In 1977, there was a window of opportunity to get a 2 letter call for free before the vanity system because the US Supreme Court ruled that ALL license fees were illegal and struck them down (the fee WAS $29). John Sullivan, W1HHR, ARRL NE Div Director brought the FCC Forms 610 to the Natchaug (NARA) club meeting on Jan 2 and encouraged those of us who were eligible for the 2 letter re-issue calls to apply right away. So I applied for and received W1TR in late spring of 1977.

The Natchaug Amateur Radio Association (NARA) quickly recruited me as a CW OP for their field day operation, to battle the rival ECARS group (K1MUJ). Since I was the first recipient of a 2 letter call in the club, we used W1TR for field day operations thereafter. This is where I met my current XYL Lyn, WB1CCL, but it would be over 25 years before we became married (to EACH OTHER)! Strangely enough, I find myself becoming good friends with the K1MUJ guys because I live near them again now, and the Natchaug club is not so active since George Markland W1XF (former W1MHF) passed away. Most of them don't remember how W1TR would always take them to the cleaners on Field Day, since they weren't licensed, or perhaps even born yet!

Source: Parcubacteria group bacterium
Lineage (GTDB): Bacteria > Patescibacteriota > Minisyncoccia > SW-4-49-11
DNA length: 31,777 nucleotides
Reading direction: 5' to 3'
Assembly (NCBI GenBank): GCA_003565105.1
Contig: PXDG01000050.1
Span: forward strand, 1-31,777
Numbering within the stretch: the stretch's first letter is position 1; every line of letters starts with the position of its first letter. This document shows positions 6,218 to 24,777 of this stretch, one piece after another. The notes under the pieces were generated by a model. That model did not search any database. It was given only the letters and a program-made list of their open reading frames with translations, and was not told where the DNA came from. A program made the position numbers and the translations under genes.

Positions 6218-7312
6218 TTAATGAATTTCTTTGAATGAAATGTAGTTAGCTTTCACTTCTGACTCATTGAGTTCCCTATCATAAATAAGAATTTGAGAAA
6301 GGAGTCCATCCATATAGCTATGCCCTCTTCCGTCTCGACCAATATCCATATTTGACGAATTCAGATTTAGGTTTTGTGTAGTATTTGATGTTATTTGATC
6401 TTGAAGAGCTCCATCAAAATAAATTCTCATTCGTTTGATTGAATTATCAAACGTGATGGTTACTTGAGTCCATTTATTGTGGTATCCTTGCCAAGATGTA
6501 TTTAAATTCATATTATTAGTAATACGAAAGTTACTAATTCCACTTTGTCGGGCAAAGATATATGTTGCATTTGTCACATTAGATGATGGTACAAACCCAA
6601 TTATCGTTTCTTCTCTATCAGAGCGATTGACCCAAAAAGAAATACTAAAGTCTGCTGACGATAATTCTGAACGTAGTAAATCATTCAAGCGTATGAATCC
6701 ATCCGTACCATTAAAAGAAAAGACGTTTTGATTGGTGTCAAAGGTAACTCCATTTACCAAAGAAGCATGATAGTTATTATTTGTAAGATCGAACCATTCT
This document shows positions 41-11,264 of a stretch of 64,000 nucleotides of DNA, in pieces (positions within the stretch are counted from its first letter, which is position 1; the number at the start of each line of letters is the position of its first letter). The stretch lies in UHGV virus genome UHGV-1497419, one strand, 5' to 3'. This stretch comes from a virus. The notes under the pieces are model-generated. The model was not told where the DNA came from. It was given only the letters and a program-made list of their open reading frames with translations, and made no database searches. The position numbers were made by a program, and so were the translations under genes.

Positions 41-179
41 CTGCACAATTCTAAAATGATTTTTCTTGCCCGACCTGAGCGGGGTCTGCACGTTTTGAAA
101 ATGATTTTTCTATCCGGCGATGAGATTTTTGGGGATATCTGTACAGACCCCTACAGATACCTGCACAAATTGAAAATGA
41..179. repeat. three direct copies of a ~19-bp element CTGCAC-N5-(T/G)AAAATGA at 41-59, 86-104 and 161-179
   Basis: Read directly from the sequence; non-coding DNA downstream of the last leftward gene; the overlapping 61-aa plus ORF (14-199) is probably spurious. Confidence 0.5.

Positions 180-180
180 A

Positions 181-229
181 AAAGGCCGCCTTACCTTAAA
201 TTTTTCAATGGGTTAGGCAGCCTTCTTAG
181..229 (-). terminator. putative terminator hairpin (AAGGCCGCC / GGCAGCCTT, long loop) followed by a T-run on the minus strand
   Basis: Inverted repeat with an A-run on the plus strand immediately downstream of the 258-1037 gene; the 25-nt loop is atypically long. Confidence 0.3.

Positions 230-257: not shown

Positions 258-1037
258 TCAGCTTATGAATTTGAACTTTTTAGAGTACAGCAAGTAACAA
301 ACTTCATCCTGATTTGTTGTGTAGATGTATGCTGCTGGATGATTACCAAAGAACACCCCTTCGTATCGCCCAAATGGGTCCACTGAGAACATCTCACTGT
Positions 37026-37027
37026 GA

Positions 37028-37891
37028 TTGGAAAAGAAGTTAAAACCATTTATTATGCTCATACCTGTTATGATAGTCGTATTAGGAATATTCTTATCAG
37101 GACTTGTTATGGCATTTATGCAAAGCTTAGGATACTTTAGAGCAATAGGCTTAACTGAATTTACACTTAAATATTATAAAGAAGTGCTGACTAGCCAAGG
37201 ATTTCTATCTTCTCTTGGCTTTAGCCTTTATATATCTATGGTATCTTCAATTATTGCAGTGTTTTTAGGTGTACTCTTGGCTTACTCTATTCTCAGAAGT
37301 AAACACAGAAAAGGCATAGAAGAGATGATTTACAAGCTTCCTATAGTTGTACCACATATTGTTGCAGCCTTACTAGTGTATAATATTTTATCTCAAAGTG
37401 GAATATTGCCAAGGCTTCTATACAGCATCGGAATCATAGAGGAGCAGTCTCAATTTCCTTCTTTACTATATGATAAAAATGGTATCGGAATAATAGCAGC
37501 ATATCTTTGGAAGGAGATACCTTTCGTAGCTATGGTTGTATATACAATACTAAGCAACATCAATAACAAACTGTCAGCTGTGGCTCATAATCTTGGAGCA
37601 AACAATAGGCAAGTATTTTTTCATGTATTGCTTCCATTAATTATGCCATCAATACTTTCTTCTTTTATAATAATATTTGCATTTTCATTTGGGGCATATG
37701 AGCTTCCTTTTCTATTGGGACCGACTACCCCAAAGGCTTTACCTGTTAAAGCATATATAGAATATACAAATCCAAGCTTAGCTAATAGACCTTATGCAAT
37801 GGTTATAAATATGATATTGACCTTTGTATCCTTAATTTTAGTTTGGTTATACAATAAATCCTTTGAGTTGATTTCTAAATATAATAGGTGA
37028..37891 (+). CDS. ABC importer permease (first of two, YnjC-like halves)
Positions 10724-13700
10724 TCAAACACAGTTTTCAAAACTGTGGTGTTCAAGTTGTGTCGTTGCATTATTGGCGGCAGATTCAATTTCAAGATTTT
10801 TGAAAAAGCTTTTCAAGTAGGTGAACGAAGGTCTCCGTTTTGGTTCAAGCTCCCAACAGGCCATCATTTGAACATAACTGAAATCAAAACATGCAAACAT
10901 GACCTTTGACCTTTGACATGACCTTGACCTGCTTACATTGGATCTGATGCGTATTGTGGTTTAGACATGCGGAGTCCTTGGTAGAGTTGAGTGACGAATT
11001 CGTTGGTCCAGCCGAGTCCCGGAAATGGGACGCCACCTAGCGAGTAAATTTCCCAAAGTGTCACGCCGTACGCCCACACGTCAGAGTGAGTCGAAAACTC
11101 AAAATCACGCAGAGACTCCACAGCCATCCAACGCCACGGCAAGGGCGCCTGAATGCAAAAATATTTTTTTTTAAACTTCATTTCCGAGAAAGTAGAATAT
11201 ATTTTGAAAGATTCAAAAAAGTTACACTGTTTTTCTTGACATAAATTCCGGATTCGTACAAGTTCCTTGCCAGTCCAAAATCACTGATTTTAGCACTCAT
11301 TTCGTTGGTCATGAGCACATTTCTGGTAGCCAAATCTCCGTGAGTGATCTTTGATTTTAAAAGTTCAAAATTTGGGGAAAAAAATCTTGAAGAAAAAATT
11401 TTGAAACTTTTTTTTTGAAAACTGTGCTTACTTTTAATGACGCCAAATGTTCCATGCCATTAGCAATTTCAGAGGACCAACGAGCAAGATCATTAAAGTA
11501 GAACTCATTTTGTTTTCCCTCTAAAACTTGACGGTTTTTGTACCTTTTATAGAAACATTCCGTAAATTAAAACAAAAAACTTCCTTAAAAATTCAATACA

In 1978, I moved to the Boston area (Chelmsford, MA) and worked for GTE Labs, Waltham, (yes, more telephones). I became involved in USAF MARS operations, was State MARS Director in the mid-1980s, and generally tried to balance career, family, finishing my Ph.D., and ham radio. AF MARS had a repeater at Hanscom AFB and a great Base Support Team at that time. Ironically, now that I actually WORK on the base, that is all gone now.